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Netflix Inc. will test whether Machiavelli and math are a winning formula as the world's largest subscription-video service debuts "House of Cards," its most ambitious step yet into original online-TV programs.
Netflix is making the political thriller, starring Kevin Spacey, available to its 33 million streaming subscribers worldwide. Chief Executive Officer Reed Hastings, looking to extend the company's lead in online TV, likens the show to "West Wing," the NBC series that ended in 2006, if it were done by Machiavelli.
"We're on the cusp of something that will change television forever," Hastings said in an interview at Bloomberg's New York headquarters. "Our view is that over the next couple of years as Internet TV really grows, people will look back and say that this was the turning point."
Hastings, 52, is placing big financial bets to secure Netflix's future as the dominant player as more viewers move online. He says efforts like "House of Cards" and the revived "Arrested Development" cement relationships in Hollywood and help fend off competitors like Amazon.com. Netflix's Silicon Valley roots analyzing viewer habits also give it an edge as cable channels like HBO move online, he said.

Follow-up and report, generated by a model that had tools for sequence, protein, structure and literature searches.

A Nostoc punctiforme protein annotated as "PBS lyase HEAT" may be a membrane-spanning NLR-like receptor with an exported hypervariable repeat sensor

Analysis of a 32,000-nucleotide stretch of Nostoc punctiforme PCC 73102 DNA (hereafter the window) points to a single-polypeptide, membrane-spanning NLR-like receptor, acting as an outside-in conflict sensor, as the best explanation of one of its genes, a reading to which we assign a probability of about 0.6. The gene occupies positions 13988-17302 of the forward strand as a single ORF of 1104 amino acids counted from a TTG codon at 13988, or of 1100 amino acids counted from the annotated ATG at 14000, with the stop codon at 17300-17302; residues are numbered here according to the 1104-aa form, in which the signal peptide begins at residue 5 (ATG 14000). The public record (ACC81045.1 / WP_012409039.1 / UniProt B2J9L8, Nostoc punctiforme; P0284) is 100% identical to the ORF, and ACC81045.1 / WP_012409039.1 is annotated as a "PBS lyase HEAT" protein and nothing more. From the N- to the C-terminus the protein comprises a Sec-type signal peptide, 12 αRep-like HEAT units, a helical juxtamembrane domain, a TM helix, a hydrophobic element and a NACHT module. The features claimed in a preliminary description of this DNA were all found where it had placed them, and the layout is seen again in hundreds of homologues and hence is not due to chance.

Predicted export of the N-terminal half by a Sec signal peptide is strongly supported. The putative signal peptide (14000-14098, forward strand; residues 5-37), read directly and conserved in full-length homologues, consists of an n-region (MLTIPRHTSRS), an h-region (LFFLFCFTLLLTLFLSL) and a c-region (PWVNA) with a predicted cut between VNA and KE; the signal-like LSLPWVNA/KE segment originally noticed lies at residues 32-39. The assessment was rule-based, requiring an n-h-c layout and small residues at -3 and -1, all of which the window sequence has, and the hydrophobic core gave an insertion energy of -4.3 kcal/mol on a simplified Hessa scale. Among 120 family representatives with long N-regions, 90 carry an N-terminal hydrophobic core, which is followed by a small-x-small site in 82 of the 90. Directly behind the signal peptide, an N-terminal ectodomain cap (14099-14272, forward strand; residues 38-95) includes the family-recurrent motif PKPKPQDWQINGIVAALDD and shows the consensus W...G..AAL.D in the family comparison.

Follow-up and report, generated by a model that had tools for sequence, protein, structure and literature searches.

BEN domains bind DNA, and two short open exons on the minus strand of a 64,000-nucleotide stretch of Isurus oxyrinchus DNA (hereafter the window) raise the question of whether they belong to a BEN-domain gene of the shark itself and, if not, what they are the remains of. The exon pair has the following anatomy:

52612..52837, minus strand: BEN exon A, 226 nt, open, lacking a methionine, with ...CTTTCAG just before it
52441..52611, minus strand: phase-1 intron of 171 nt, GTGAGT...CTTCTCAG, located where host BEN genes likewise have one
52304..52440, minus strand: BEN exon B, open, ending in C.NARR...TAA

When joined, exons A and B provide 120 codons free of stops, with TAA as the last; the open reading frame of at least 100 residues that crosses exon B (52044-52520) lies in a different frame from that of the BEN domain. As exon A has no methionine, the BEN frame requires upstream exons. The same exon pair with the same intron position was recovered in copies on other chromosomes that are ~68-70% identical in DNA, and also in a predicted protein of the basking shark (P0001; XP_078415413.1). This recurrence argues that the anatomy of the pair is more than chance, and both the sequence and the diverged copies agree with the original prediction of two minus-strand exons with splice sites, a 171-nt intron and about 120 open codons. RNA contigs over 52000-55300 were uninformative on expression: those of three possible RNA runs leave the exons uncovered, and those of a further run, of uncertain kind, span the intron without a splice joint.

"Relative to HBO, we're much deeper on the tech side, and relative to Amazon, we're much deeper on the creative side," Hastings said. "We're able to do more and more calculations and big-data statistics so that what we do is represent Netflix more and more as a place where you come for relaxation, escape."
Hastings, whose company has 27.2 million U.S. subscribers, says Netflix can grow to as many as 90 million over the next two decades-a challenge made harder as online competitors like Amazon, Hulu and Redbox Instant by Verizon pile in, and traditional channels expand with digital offerings like HBO Go from the Time Warner Inc.-owned channel.
To stay ahead, Hastings is sacrificing short-term profit to spend more on original content. The company said this week it would borrow $500 million to refinance about $225 million in debt and spend more on original programming. The company has committed more than $5 billion to streaming content.
There are risks. Standard & Poor's changed its outlook on Netflix's speculative BB-minus level debt to negative, citing cash flow levels this year and next, increasing debt leverage and "risks associated with original programming."